Originally published on the Washington Post Monkey Cage blog, where our regular Afrobarometer series explores Africans’ views on democracy, governance, quality of life, and other critical topics.
Two decades ago, the advent of mobile phones allowed millions of Africans to “leapfrog” inadequate landline infrastructure and join the communications revolution.
Could they do the same to get household electricity?
New Afrobarometer survey findings from 34 African countries suggest that many Africans are trying. With connectivity to national electric grids largely stagnant, more than one in five households (23%) now access electricity from a source other than the national grid, most often from solar panels.
Countries slow to extend the power grid
The importance of household energy supply to well-being and economic development is no secret. Images of children studying, parents running small businesses from their homes, and families enjoying fans, fridges, and entertainment highlight the many ways in which access to electricity can transform lives.
But for Africans who have been waiting for national electric grids to extend, improve or become more affordable, the news is not good. Based on 48,084 face-to-face interviews in Round 8 (2019-2021) of our periodic surveys, we found that about two-thirds (68%) of Africans live in areas served by a national electric grid — that’s just 4 percentage points higher than a decade ago. The challenge is particularly acute in rural areas, where only 45% of residents have potential access to the grid, compared to 94% among their urban cousins.
Even fewer — 57% — report that their household is actually connected to the electricity grid, a proportion that has remained essentially unchanged since we first asked in 2014/2015. While citizens in Tunisia (99%), Mauritius (99%), and Morocco (98%) enjoy nearly universal coverage, fewer than one in four households in Malawi (14%), Burkina Faso (22%), and Niger (24%) are connected.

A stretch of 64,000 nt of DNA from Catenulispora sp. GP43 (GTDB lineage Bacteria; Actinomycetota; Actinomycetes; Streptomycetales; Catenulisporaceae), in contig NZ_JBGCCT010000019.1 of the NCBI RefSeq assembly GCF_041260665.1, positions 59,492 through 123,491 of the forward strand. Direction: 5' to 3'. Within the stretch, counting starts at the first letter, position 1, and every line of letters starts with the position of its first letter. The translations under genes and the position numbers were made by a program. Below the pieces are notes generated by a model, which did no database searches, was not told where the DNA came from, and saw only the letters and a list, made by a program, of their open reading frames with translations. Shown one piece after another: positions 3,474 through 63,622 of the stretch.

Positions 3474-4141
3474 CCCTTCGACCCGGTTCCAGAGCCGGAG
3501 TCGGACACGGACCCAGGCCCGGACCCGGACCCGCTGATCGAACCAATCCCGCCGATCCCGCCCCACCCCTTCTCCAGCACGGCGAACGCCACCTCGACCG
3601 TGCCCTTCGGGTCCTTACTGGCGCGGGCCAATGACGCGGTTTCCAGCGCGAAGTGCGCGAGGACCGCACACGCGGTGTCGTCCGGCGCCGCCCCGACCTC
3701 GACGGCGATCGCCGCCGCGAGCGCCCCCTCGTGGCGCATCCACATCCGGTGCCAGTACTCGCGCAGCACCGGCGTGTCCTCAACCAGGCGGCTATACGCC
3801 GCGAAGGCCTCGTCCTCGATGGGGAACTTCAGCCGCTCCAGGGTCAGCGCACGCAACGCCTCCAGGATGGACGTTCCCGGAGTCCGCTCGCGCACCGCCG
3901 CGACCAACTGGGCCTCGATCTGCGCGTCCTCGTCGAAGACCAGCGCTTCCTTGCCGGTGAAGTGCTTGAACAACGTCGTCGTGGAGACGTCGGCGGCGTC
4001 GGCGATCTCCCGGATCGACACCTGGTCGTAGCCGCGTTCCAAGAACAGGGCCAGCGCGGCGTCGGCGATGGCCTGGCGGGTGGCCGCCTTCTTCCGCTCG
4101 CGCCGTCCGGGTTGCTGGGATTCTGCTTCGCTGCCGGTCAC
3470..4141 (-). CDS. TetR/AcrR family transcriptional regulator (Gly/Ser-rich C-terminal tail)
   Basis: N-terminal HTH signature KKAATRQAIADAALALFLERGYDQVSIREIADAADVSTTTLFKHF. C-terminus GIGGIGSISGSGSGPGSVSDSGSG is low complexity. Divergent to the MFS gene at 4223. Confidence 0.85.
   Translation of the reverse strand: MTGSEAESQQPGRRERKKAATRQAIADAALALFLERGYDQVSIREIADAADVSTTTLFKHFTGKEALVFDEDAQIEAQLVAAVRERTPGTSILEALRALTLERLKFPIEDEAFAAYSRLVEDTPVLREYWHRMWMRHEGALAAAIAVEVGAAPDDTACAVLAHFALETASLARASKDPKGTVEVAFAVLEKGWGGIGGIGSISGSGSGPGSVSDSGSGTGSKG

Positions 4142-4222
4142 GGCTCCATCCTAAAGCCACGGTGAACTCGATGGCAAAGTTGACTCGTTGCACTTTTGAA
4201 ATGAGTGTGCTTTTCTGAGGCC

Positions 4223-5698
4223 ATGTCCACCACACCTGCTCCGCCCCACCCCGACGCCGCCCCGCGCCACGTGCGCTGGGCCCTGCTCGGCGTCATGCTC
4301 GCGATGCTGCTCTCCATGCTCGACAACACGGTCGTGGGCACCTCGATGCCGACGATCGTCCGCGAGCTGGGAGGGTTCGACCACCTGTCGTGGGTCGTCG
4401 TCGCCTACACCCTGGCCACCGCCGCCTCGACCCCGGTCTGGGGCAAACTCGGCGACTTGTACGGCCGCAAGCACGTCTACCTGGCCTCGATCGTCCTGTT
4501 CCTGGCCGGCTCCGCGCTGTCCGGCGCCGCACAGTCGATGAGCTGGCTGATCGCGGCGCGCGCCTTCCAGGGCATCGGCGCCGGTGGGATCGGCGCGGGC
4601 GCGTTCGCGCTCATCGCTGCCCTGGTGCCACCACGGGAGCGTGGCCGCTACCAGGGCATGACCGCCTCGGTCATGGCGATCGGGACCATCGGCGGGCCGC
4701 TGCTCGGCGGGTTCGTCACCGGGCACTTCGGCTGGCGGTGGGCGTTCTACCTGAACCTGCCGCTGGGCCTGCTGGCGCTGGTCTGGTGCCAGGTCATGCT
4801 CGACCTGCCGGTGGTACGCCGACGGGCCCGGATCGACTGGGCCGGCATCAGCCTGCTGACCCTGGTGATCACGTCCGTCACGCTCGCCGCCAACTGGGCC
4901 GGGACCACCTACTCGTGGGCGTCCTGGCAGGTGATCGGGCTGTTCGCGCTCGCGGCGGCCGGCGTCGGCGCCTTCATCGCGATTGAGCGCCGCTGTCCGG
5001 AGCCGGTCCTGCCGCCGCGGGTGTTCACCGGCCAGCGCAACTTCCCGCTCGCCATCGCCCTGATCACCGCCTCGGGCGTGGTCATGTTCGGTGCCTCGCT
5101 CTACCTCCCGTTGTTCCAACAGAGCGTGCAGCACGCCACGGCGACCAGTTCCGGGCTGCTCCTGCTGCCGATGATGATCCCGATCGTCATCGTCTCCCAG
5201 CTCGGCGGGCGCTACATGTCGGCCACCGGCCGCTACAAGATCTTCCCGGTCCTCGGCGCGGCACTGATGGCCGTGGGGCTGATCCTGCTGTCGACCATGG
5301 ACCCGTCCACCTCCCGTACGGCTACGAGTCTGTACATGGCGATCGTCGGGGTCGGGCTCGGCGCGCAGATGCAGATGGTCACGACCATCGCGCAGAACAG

And connecting is not the end of the story. As shown in Figure 1 below, only 74% of those connected to the grid report having a connection that works “most” (36%) or “all” (38%) of the time. That means just 43% of Africans across 34 countries actually enjoy a reliable supply from their country’s national electric grid — only marginally better (+3 percentage points) than in 2014/2015. The general failure to extend the grid, improve access or increase the reliability of supply explains why, on average, fewer than half (46%) of Africans say their governments are doing a good job of providing a reliable supply of electricity.
Figure 1: Reliability of connections to the electric grid (percent) | 34 African countries | 2019/2021
Leapfrogging to better energy access?
Africans with means have long supplemented or replaced inadequate grid supplies with local, off-grid sources. Over the past decade, as small-scale renewables — especially solar panels — have become more widely available and less expensive, advocates have touted their potential to enable ordinary Africans to leapfrog to better energy access and even help drive post-COVID-19 economic recovery.
By some estimates, Africa has the potential to produce 40% of the world’s solar power (as well as 10% of wind power) by 2050, even if it currently produces only 2% of global green energy.